Don Draper goes to the movies a lot in “Mad Men.” He says it helps him “clear the cobwebs.” Matthew Weiner probably shares that sentiment, as he recently unveiled a list of ten films he made required viewing for the cast and crew of the series, which returns to AMC for its final season this Sunday. Weiner’s picks, including “The Apartment,” “Blue Velvet,” “North by Northwest” and “Vertigo,” which he hadn’t seen until “Mad Men” began, certainly conjure the time and place of the series, with its brooding ennui, quiet desperation and surreal visual touches. But here are five more films that summon the real spirit of “Mad Men.” Surely Don Draper would have seen all of them.
“La Notte” (1961)
In a rare conversation about the things he actually likes, Don mentions “La Notte,” while driving through the night with Bobbie Barrett, with whom he’s having an affair, in Season Two’s “The New Girl.” Antonioni’s stark portrait of haute-bourgeois boredom is a dreamy nighttime journey that drives apart a husband and wife drifting through Milan’s skyscrapers, streets and soul-numbing parties. Season Three of “Mad Men” stands as a similarly surgically precise picture of a marital breakdown. In “Souvenir,” Betty follows Don on a business jaunt to Rome, where she, like Jeanne Moreau’s Lidia in “La Notte,” confronts just how meaningless her own life is in the shadow of her successful husband. At the end of “La Notte,” Moreau reads Marcello Mastroianni a letter and acknowledges the end of their relationship, and they embrace under a tree. It’s hard not to think of the haunting closing image of “My Old Kentucky Home,” where Don and Betty clutch each other emptily in a clearing under the moonlight, mutually accepting the fact that they’ve made their bed, and all the lies in it.
“La Dolce Vita” (1960)
As a dapper womanizer with a suit and a haircut, Don Draper could pass for a modern day heir to the men played by slick Italian star Marcello Mastroianni, who plays a journalist mingling with the decadents of Rome in Fellini’s Ulyssean odyssey of seven nights in the city. The aristocrats and debauched intellectuals of “La Dolce Vita” chase the sweet life, only to be crushed by the pressures of the 20th century. Late in the film, a suicide proves as troubling for Marcello as Lane Pryce’s is for Don in “Mad Men” Season Five, an indication that all is not as it appears for the materialistic well-to-do. In “Mad Men” and “La Dolce Vita,” everyone is chasing a phantom, and endless philandering and boozing are means to temper to the gnawing fact that modern life is poison.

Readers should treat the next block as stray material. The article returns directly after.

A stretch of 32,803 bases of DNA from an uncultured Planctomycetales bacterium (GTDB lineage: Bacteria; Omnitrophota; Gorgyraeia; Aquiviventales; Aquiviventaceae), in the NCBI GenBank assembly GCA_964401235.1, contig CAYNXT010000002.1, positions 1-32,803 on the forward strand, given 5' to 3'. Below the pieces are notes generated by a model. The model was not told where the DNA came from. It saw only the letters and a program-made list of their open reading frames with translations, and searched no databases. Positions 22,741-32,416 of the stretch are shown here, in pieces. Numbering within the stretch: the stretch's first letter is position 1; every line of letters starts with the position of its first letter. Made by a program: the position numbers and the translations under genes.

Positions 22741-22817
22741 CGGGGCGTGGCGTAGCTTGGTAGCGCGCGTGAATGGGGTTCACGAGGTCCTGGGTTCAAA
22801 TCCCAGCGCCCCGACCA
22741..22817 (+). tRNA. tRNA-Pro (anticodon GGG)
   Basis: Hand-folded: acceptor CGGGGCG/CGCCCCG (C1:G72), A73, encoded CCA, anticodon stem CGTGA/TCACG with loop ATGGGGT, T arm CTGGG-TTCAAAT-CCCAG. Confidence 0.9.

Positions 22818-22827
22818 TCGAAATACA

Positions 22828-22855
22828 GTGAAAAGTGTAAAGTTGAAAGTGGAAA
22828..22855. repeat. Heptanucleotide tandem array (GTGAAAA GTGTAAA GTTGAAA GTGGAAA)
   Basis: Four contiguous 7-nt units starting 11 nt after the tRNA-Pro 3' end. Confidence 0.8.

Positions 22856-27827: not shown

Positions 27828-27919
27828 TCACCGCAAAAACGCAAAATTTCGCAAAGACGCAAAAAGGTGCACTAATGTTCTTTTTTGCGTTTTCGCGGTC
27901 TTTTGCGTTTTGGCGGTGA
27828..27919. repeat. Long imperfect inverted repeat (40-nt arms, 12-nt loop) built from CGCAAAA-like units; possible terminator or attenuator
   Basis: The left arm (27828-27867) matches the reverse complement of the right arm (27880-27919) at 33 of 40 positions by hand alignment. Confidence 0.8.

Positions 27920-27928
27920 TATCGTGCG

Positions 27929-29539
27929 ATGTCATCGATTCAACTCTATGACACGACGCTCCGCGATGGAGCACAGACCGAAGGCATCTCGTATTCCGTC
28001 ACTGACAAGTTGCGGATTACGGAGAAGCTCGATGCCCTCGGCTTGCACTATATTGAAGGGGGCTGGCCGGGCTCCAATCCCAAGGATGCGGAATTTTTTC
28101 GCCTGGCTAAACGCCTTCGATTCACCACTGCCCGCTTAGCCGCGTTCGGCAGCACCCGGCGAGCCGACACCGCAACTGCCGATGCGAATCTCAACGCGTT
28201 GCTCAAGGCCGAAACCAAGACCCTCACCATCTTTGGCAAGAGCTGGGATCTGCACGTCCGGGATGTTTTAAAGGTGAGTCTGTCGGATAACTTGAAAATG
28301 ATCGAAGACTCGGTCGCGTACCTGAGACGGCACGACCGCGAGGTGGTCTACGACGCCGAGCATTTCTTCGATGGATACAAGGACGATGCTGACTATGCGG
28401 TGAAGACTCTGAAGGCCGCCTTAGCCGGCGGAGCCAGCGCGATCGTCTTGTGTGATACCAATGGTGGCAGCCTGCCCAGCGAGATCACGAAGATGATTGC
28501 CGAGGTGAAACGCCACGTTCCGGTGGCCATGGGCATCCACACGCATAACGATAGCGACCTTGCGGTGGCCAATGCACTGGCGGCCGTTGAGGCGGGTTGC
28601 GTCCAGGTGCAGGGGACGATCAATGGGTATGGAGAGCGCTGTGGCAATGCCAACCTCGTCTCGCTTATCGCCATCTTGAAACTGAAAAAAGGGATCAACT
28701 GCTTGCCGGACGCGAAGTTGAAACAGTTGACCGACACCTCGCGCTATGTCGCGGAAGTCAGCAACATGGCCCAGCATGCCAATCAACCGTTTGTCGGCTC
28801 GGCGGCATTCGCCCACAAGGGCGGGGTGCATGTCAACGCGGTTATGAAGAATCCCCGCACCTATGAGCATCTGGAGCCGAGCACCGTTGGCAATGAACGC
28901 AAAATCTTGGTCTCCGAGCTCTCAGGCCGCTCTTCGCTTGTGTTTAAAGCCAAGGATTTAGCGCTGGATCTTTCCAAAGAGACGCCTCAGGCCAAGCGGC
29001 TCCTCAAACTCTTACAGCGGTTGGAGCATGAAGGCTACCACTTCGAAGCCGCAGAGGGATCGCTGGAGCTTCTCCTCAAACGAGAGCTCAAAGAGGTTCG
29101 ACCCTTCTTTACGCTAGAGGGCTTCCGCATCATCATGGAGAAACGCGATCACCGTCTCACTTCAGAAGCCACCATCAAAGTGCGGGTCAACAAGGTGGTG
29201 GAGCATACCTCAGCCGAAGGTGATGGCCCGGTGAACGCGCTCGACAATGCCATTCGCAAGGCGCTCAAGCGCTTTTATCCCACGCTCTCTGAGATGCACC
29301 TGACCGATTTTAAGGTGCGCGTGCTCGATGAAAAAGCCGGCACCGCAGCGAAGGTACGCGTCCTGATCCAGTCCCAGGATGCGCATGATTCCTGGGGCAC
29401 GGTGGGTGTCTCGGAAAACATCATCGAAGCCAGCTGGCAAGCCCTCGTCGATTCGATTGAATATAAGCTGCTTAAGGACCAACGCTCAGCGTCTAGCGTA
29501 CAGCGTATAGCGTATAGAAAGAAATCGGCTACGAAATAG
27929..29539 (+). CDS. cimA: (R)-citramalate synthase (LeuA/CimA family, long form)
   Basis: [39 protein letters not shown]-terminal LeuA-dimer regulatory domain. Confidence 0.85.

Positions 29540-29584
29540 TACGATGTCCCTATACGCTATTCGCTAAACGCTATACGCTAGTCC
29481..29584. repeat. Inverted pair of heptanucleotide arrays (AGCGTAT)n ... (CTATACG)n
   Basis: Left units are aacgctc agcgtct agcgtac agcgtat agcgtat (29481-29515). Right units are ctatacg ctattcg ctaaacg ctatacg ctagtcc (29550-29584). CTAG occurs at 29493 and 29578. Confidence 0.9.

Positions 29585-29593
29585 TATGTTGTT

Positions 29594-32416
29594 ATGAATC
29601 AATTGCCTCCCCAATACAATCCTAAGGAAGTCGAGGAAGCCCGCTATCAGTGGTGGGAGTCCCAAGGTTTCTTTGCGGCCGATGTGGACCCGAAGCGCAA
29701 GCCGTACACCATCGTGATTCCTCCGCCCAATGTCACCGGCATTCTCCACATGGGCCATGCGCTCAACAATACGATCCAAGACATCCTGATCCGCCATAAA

Jacques Tati would have had a ball inside the Sterling Cooper office, with its brutalist modernity, clean lines, panes of twinkling glass and the locomotive plunking of typewriters and telephones. Comprised of one madcap set piece after another, “Playtime” is the French auteur’s hysterical 1967 symphony of Paris in which, amid futuristic gizmos and whirligigs, Monsieur Hulot finds himself hopelessly lost. In “Mad Men” as the 70s loom, its characters navigate an equally imposing future world. In the Season Seven episode “The Monolith,” whose title is not its only sly nod to “2001: A Space Odyssey,” Sterling Cooper introduces a menacingly large computer into the office that triggers the breakdown of paranoiac copywriter Ginsberg. Though limited by its small screen canvas “Mad Men”‘s retro style similarly renders the alienation of modern times through its production design, but without Tati’s affection and amusement.
“The Swimmer” (1968)
John Cheever’s disenfranchised suburbanites wear their repression like armor, and clutch their liquor as a salve to the dullness of existence. Frank Perry’s strange, stylish Cheever adaptation stars Burt Lancaster as a hard-swilling ad executive who party-hops through the backyard pools of moneyed Connecticut. Its surreal, dreamlike pull recalls “Mad Men” at its most hallucinatory, from “Tale of Two Cities,” in which Don Draper stares at his own drowned corpse floating face down in a pool, to “Far Away Places” and “The Crash,” where jump cuts and heightened frame rates captures Roger and Don’s drugged states of mind. “Mad Men” wouldn’t exist without writers like John Cheever or Richard Yates, whose extraordinary novel “Revolutionary Road” also revealed the despair and loneliness hidden beneath the suits and ties of the 1950s.
“All That Heaven Allows” (1955)
Melo master Douglas Sirk peeked behind the curtains of New England’s country clubs, picket-fenced houses and dinner parties to reveal the repressions of the 1950s. When “Mad Men” begins, it’s 1960, and the artifice of this old world is eroding. Matthew Weiner establishes in the first season the various myths he wants to strip away: the man in the suit, the housewife, the secretary. Douglas Sirk examines the psychology of a housewife in “All That Heaven Allows,” turning to a widowed New England socialite (Jane Wyman) who falls for her handsome gardener (Rock Hudson) — much to the dismay of her stuffy milieu. In “Mad Men,” Betty Draper, another put-upon homemaker, commits small acts of rebellion — firing off a rifle at the neighbor’s birds, fantasizing about a door-to-door air conditioning salesman — against a world that insists, as her dead father does in a dream sequence in “The Fog,” she’s “just a housewife: very important, with little to do.”
Ryan Lattanzio is the staff writer for TOH at Indiewire. Follow him on Twitter @ryanlattanzio.